Letter from W. Mark Tew | Judson College
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Letter from W. Mark Tew

“In the little book of Jude, I find great insight into the ugliness of humanity but also encouragement for the people of God.

Looking to the “last days,” which should be understood as beginning the moment of Jesus’ ascension and the subsequent expectation of His return, Jude said, “There will be scoffers, following their own ungodly passions.  It is these who cause divisions, worldly people, devoid of the Spirit” (Jude 18-19 ESV).

Reading this passage, no one should be surprised when ungodly people do ungodly things.  No one should be surprised when worldly people who are devoid of the Holy Spirit act in divisive ways.  And sadly, no one should even be surprised when these realities are evidenced in racism demonstrated by persons of authority or when acts of non sequitur violence occur as a result.

But, neither should anyone who bears the name of Christ be content to say, “That is just the way things are.”

After his insight into the reality of fallen humanity, Jude continued by saying, “But you, beloved, building yourselves up in your most holy faith and praying in the Holy Spirit, keep yourselves in the love of God, waiting for the mercy of our Lord Jesus Christ that leads to eternal life” (Jude 20-21 ESV).

Simply stated, Jude’s command is “Keep yourselves in the love of God.”  The imperative verb Jude used means to guard closely or watch over something in a protective manner.  It would have been used of a person who was carefully guarding his or her most precious possession, keeping it safe from harm by neither trivializing its value nor its usefulness.  What we are to keep is ourselves in the love of God, especially as we encounter a loveless, godless world.  Three important phrases tell us exactly how we are to keep ourselves in the love of God. We are to build up the faith, pray in the Spirit, and wait for the mercy of God.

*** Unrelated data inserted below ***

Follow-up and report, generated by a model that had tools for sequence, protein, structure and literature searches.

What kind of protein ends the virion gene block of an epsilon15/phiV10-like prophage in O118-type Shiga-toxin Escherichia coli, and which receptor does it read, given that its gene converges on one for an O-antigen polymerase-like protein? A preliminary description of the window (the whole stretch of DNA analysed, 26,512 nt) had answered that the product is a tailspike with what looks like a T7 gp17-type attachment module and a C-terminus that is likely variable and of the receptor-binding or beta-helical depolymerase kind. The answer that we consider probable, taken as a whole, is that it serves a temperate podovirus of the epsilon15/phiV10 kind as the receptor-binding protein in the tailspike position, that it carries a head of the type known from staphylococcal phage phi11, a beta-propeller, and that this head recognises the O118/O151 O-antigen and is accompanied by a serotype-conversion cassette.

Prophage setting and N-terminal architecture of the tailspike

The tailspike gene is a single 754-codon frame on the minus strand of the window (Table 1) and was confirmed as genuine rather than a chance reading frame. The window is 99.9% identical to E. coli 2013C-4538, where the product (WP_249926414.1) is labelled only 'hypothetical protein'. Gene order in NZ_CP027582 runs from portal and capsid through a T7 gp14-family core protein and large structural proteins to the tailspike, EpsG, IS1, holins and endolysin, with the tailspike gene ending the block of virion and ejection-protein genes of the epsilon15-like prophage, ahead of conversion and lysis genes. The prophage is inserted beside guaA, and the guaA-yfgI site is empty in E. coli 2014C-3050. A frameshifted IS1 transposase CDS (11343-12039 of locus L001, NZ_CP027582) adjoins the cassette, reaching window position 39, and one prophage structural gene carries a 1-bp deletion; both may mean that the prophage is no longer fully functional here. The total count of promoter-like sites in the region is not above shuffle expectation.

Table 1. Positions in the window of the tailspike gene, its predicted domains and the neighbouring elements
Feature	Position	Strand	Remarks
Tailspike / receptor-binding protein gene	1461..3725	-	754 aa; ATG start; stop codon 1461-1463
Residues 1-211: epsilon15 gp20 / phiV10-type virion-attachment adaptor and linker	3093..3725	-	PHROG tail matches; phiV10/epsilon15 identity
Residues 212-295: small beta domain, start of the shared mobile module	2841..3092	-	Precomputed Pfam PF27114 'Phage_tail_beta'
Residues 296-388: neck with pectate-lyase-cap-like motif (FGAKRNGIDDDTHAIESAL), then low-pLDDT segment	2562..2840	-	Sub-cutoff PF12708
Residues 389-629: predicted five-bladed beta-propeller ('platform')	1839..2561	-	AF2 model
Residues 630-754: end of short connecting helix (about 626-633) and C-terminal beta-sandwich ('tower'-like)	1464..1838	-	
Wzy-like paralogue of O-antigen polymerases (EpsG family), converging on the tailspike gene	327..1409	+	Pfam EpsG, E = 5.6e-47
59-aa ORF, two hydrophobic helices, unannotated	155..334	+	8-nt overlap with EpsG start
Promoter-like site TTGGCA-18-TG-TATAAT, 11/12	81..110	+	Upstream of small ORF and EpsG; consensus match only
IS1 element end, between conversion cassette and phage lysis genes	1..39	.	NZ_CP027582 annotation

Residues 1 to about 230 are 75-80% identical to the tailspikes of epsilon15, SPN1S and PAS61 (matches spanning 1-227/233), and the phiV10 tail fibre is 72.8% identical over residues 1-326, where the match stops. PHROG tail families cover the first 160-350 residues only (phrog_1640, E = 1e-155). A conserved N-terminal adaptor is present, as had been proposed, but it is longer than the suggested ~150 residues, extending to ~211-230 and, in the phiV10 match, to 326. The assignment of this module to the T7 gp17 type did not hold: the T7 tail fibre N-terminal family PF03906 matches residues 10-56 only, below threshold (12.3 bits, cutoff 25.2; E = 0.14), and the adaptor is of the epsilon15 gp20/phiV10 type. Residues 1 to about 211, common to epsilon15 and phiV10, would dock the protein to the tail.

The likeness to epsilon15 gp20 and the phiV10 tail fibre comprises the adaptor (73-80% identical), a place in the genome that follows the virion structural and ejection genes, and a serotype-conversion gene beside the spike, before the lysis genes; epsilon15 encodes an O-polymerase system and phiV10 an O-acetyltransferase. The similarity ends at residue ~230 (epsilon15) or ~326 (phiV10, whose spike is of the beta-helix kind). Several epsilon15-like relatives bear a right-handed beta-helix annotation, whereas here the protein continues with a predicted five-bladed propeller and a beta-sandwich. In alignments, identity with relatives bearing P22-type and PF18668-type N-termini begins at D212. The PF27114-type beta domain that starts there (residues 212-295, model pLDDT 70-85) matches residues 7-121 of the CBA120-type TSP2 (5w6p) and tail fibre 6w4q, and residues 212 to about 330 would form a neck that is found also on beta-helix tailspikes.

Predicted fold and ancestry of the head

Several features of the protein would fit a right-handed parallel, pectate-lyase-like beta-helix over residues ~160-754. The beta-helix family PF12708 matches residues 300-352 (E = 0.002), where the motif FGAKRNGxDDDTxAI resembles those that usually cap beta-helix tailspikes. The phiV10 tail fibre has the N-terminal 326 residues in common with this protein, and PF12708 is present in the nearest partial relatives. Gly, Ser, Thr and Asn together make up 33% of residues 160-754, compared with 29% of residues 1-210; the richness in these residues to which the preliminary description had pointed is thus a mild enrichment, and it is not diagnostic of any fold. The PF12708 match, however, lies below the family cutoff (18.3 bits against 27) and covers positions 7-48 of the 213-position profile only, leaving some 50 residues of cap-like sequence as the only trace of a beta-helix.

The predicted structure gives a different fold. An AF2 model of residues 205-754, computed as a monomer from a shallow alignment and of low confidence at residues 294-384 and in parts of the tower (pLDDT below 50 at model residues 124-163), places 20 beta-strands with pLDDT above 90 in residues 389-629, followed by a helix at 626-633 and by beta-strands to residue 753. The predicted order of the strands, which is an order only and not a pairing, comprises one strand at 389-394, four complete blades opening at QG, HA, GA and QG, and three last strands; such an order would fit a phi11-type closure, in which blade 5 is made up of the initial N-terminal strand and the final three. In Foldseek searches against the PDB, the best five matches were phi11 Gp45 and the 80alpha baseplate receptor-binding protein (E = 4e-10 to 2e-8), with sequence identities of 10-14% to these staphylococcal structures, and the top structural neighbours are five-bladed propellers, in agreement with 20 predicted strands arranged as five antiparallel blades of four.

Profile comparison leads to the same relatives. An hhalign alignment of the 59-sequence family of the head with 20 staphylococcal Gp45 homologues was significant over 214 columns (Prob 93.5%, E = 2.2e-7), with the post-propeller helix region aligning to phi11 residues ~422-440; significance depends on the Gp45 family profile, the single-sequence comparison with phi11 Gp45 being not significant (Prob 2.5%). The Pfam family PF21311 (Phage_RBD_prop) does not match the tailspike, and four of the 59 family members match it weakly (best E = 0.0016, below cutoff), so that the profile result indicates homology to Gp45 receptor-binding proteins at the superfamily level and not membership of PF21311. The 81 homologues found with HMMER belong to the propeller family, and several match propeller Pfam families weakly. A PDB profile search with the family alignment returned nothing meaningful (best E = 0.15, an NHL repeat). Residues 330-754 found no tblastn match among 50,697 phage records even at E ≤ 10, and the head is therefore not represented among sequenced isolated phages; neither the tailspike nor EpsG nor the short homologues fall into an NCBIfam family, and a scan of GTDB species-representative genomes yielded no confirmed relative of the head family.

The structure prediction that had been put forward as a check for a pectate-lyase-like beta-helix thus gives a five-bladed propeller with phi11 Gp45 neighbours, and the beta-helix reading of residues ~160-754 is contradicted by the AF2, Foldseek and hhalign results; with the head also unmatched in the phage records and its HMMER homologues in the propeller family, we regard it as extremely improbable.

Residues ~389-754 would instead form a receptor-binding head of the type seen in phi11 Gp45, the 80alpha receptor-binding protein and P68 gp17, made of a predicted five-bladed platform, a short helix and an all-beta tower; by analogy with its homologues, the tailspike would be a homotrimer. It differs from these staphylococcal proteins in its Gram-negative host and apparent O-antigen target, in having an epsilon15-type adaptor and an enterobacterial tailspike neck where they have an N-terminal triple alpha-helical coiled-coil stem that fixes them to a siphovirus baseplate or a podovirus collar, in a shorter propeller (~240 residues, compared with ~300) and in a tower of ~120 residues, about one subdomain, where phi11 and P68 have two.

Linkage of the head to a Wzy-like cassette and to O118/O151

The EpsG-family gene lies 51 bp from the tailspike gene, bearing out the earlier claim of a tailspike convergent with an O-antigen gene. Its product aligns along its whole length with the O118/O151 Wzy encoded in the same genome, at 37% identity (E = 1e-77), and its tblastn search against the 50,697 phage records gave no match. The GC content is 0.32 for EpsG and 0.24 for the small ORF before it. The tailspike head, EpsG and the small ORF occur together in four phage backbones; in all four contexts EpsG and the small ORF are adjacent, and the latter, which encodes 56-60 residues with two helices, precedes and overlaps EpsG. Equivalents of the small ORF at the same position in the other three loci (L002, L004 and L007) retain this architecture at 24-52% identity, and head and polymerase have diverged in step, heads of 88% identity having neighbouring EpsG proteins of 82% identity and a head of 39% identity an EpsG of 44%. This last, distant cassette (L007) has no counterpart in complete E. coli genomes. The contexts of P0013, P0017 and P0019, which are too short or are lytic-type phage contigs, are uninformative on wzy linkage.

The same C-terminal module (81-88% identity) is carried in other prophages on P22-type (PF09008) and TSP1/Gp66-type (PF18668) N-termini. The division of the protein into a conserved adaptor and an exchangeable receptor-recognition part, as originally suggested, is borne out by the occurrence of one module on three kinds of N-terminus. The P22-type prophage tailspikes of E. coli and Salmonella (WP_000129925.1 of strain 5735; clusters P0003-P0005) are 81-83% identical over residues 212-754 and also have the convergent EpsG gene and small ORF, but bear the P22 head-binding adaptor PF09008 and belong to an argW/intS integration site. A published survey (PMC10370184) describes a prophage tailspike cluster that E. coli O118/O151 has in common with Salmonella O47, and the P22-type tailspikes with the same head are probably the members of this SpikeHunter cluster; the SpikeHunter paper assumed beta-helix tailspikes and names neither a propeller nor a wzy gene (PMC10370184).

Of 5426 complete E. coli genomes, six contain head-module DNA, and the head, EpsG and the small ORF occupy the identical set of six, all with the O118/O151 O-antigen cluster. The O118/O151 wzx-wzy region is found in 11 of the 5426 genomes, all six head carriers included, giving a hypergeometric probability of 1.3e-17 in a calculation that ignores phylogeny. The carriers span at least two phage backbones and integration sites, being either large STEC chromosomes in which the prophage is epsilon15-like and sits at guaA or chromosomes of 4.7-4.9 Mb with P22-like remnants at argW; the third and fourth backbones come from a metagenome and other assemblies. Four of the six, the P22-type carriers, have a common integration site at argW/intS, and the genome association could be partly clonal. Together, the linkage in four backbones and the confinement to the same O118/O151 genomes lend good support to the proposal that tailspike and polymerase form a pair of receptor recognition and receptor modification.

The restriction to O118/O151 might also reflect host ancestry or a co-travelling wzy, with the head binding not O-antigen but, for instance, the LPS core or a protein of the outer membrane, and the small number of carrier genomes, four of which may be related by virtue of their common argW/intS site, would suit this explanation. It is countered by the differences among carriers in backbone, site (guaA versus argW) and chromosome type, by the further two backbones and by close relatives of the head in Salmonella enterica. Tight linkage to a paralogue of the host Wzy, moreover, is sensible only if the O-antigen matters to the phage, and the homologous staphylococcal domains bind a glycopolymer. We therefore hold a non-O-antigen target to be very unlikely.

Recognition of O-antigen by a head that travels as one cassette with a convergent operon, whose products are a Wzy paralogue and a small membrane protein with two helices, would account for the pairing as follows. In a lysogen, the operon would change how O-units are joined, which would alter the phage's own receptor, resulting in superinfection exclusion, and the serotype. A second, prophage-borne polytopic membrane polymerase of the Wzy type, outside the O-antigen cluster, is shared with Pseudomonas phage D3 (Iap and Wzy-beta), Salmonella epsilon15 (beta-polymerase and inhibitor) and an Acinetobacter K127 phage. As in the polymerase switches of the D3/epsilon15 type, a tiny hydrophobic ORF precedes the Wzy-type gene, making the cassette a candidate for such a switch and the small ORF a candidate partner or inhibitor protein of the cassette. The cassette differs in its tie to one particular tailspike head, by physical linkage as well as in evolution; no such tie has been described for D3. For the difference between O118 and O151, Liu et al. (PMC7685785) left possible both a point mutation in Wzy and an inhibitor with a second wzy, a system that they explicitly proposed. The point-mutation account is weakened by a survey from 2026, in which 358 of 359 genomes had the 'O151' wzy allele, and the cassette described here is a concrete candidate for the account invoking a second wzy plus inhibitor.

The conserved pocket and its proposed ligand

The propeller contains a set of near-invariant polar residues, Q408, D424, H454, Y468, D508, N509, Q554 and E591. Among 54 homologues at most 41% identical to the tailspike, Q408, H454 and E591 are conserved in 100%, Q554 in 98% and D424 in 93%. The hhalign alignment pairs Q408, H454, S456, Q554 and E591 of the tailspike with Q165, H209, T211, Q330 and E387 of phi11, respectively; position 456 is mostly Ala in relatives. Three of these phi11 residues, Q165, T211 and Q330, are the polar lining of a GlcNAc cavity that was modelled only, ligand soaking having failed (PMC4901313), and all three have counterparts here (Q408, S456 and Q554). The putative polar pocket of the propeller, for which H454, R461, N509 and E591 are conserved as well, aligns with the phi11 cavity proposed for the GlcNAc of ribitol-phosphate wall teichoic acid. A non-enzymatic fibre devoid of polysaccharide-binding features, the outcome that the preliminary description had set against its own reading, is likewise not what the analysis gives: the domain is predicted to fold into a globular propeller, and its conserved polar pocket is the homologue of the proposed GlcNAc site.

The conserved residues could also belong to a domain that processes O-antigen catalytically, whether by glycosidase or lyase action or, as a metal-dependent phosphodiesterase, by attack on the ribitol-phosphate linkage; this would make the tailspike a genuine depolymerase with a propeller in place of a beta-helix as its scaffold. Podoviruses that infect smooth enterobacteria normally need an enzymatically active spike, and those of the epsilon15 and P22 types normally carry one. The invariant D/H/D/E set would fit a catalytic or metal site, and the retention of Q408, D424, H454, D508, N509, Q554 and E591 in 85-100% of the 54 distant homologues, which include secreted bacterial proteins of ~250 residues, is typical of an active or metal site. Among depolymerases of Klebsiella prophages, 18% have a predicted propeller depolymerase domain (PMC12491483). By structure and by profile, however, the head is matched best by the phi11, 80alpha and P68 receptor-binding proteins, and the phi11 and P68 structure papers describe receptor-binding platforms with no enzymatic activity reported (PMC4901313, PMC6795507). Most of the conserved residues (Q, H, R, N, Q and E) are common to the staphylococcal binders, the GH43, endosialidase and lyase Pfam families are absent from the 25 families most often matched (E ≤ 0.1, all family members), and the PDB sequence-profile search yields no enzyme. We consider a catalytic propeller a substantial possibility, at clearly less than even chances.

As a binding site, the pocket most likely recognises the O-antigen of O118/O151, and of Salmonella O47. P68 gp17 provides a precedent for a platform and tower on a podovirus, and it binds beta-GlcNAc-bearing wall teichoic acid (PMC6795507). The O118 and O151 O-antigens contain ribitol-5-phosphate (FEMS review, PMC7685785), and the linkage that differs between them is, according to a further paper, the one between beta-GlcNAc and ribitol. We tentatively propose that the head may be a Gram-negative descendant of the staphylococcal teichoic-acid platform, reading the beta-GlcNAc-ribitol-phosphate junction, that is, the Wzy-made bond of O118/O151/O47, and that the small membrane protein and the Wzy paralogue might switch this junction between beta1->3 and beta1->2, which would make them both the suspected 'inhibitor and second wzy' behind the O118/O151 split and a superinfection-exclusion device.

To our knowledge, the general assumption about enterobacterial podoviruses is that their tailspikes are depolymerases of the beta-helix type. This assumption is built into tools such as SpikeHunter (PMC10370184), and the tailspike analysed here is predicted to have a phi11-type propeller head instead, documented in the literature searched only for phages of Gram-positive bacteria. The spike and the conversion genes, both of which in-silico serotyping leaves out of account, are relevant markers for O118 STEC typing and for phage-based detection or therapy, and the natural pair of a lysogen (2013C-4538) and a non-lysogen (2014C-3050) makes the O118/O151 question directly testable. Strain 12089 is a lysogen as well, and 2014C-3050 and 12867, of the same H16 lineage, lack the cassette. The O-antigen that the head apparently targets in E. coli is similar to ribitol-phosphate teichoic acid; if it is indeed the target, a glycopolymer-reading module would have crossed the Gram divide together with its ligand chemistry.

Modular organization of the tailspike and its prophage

This text informs us of the spiritual deadness of humanity, instructs us as to our primary responsibility, and even illustrates how to proceed.  This passage also speaks volumes to the necessity of Christian higher education.  More so now than perhaps ever before, society needs exactly what Judson College and other institutions dedicated to educating students through a biblically-informed Christian worldview are positioned to offer.  By anchoring everything we do in the truthfulness of scripture, by leading every student to understand her career is a calling to serve God, Judson has, and will continue, to prepare young women to be in places of influence that God can use to shape the world.

Finally, this passage tells us as Christians how we are to address systematized evils such as racism and wanton violence.  “And have mercy on those who doubt; save others by snatching them out of the fire; to others show mercy with fear, hating even the garment stained by the flesh” (Jude 22-23 ESV).

In confronting what is wrong in this world, the Christian must recognize that the lost are in fact lost.  The propagation of the Gospel of Jesus Christ is the only answer to the sin problem of the world.  Therefore, we share the love of God with mercy and with urgency, never compromising with sin or condoning its manifestation by “calling good evil and evil good” (Isaiah 5:20 ESV).

Accordingly, as president of Judson College,

  • I will seek to work with the Board of Trustees to govern the College with integrity and transparency as to sustain Judson as a Christian institution of higher learning.
  • I will employ on behalf of the Board of Trustees faculty and personnel who understand the Christian identity of the College and who are committed to teaching and leading students to develop and use their God-given talents and abilities in ways that bear witness to the life-changing power of Christ through their careers and areas of influence.
  • And I will personally seek to make sure every student at Judson College understands that salvation is a gift of grace offered by our loving God and that from a relationship with Christ grows a deeper understanding of all that life in this world has to offer.

Finally, and as an expression of everything stated above, if any student, staff, faculty or alumna of color has been the recipient of racism by any of Judson’s educational programs or administrative procedures, I ask you to accept on Judson’s behalf my sincere apology.  Together we make Judson a great institution – together we move forward to accomplish even more for the cause of Christ.”

W. Mark Tew, Th. D.
President